“I remember hurrying down to Gourock Pier on that first day as fast as my bike could take me as soon as the school bell sounded at four o'clock. I was fascinated by the novel and efficient way in which cars were loaded and unloaded. Each time the lift came up or down it carried a load of anything up to five cars, and so cars waiting to go on board did not have to stand by till all the cars on board had come ashore. A one-way system operated below with the help of a turntable at the forward end of the garage, and I soon realised that this meant that the first car on board the ferry was also the first off. On the lift itself there were also two large turntables which were hand or foot operated. Two or three seamen grabbed the front and rear of the cars and with a stepping movement of the foot propelled the turntable around.

“Motor traffic – cars, lorries and even buses – was building up and by the end of January Arran had carried over 400 vehicles between Gourock and Dunoon. In the corresponding period in 1953, five cars had made the journey. By 23rd March 2,000 vehicles had used the service and a lucky driver was presented with a free ticket. It was fortunate, with the demand for car transport much greater than the CSP Co. had ever anticipated, that the second car ferry Cowal was able to be in service before the Easter weekend of 1954.”

For fifteen years little disturbed the service of Arran. She devoted herself largely to the Upper Clyde – Gourock to Dunoon; Wemyss Bay to Rothesay and and Wemyss Bay (or, on occasion, Largs) to Millport. She had fleetingly been envisioned as an Arran car ferry and she did relieve on that run from time to time. Apart from her 1958 surgery, the only changes were to her livery – adopting the new colours in 1965 (monastral blue hull with chocolate boot-topping and Caley lions on her funnel).

But the advent of the Scottish Transport Group, and the convergence of CSP operations with those of David MacBrayne Ltd, brought dramatic career change. Islay (and associated services to Jura, Gigha and Colonsay) had no part in the MacBrayne car ferry scheme of 1964 and the Company's repeated attempts, through the Sixties, to introduce drive-on ferry operations were once and again stymied partly because of the internal feuding on Islay – there was ferocious rivalry between her ports, Port Ellen and Port Askaig) and partly because of the cowardly ineptitude of Argyll County Council.

A book might be written about the Islay stramash – and, indeed, Andrew Wilson eventually did – which finally coalesced around two rival schemes: serving Islay by an overland route via Jura (with quick ferry crossings from the Argyll mainland to Jura and from Jura to Islay) or a direct car ferry service from a nearer point on Kintyre than MacBrayne's distant pier near the head of West Loch Tarbert. In the late Sixties a private concern, Western Ferries Ltd, did start such a direct car ferry service, on cheap-and-cheerful lines in happy collusion with an Islay carrier and borrowing heavily from Norwegian principles of ferry operation – end-loading vessels that were very basic and very reliable, from still cheaper and alarmingly flimsy linkspans. MacBraynes were still bogged down in increasingly hopeless political discussions about hi-tech purpose-built new ferry terminals; and the row was further complicated by the Press, who blew the whole Western Ferries enterprise into a David v. Goliath struggle and questioned the need for additional public spending on State-owned operations.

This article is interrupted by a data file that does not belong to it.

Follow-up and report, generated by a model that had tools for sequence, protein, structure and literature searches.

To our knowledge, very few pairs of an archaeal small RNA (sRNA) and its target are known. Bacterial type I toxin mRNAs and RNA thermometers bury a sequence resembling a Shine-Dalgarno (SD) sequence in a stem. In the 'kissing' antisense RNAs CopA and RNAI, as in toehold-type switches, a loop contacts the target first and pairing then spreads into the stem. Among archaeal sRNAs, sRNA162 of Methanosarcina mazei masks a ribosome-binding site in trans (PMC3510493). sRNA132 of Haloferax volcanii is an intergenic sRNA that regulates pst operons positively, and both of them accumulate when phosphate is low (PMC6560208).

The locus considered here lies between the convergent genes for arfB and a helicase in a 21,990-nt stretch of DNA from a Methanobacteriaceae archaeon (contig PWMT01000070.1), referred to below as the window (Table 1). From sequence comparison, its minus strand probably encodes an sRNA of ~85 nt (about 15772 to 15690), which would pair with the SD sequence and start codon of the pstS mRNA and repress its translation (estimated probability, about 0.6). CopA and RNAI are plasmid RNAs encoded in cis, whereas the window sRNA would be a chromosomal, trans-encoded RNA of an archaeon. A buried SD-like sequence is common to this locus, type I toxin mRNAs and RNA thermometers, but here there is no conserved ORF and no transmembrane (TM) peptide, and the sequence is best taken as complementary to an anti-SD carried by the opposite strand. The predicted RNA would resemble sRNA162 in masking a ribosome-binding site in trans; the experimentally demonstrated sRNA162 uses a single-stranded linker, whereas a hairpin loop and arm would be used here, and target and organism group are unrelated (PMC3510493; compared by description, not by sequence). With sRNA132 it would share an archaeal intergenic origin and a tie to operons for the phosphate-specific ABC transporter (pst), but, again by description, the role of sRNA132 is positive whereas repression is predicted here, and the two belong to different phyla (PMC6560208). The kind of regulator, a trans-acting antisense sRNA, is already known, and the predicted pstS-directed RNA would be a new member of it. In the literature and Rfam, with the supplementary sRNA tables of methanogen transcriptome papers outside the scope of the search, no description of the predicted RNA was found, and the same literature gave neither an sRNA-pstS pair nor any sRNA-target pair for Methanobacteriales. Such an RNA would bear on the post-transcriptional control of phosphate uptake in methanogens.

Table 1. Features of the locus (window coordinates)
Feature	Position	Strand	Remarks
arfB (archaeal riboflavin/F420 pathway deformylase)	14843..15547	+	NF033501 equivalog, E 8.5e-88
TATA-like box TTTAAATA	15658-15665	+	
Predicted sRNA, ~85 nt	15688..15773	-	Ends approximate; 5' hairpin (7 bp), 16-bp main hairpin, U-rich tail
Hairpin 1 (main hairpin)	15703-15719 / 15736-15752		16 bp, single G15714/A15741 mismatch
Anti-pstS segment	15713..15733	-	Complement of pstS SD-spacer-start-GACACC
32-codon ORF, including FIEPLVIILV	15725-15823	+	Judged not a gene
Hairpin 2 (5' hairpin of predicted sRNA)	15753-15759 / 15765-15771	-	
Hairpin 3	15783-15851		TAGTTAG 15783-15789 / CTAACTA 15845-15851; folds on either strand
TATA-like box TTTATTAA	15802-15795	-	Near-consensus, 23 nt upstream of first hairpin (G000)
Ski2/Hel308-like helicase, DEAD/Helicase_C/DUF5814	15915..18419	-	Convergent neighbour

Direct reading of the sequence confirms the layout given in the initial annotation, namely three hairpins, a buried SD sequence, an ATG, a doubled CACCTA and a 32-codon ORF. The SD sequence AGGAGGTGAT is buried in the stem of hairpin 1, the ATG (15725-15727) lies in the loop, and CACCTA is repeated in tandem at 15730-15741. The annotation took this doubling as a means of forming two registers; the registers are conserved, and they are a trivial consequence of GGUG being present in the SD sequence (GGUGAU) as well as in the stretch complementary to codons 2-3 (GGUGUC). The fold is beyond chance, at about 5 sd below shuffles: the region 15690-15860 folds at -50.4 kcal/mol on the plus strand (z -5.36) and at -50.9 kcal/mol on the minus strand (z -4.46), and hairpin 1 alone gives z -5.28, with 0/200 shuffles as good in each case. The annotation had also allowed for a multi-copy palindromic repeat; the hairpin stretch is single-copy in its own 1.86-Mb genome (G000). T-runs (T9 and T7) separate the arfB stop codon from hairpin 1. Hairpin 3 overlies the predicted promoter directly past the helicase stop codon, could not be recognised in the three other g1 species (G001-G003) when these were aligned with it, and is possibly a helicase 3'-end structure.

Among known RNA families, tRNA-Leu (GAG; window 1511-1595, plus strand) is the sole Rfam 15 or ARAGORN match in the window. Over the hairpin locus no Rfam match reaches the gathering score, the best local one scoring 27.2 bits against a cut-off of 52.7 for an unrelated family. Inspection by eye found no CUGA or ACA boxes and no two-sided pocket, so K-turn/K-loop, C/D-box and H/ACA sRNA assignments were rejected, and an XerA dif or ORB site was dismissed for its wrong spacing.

The STG quickly resolved to cut this Gordian knot by replacing the worn-out mailboat Lochiel (1939) with a spare CSP side-loader, which had the additional advantage that, as a hoist-loading ferry, she could use the existing piers. It was a short-term expedient only – the STG hoped that eventually Western Ferries might be absorbed into its operations, or some new strategy might come up – but the ship quickly identified for the switch was Arran. The CSP would be compensated for her loss by the new MacBrayne car ferry then building at Troon – a modern, swift end-loading ferry which MacBraynes had anticipated as their secret weapon on the Islay station.
Arran at West Loch Tarbert in the Summer of 1970

Arran quit the Dunoon service on Saturday 8th November 1969 and repaired to Greenock's East India Graving Dock for an a £40,000 refit, under Lamont's. The tearoom was converted to a full-blown cafeteria/restaurant and for the first time acquired a proper galley with full cooking facilities. The observation lounge was refurbished too; 128 new seats were refurbished for passengers, though its area was reduced in size as additional cabins had to be provided for an enlarged Class V certificate crew.

Though she was not much smaller than Lochiel, the modified Arran still only won a certificate for 360 passengers – and even that only once she had been fitted with watertight doors forward of her hoist and additional life rafts around the after deck house. Her side ramps were also remodelled, the better to fit local piers.

Arran was actually transferred to the ownership of David MacBrayne Ltd in December, but quietly returned to CSP ownership three months later when the Companies agreed on charter terms. (This was probably done lest the STG fail to win the then-current capital investment grant from the Government, which would have been imperilled by a change of ownership.) Nevertheless Arran was duly painted in MacBrayne livery; red funnel (a rather lighter shade than CalMac use today), white masts and green metal decking. The Caley lions were discarded and Arran ran Clyde trials in mid-January 1970, before sallying forth as the first CSP vessel ever to serve in the Hebrides, assuming the West Loch Tarbert-Islay roster later that month.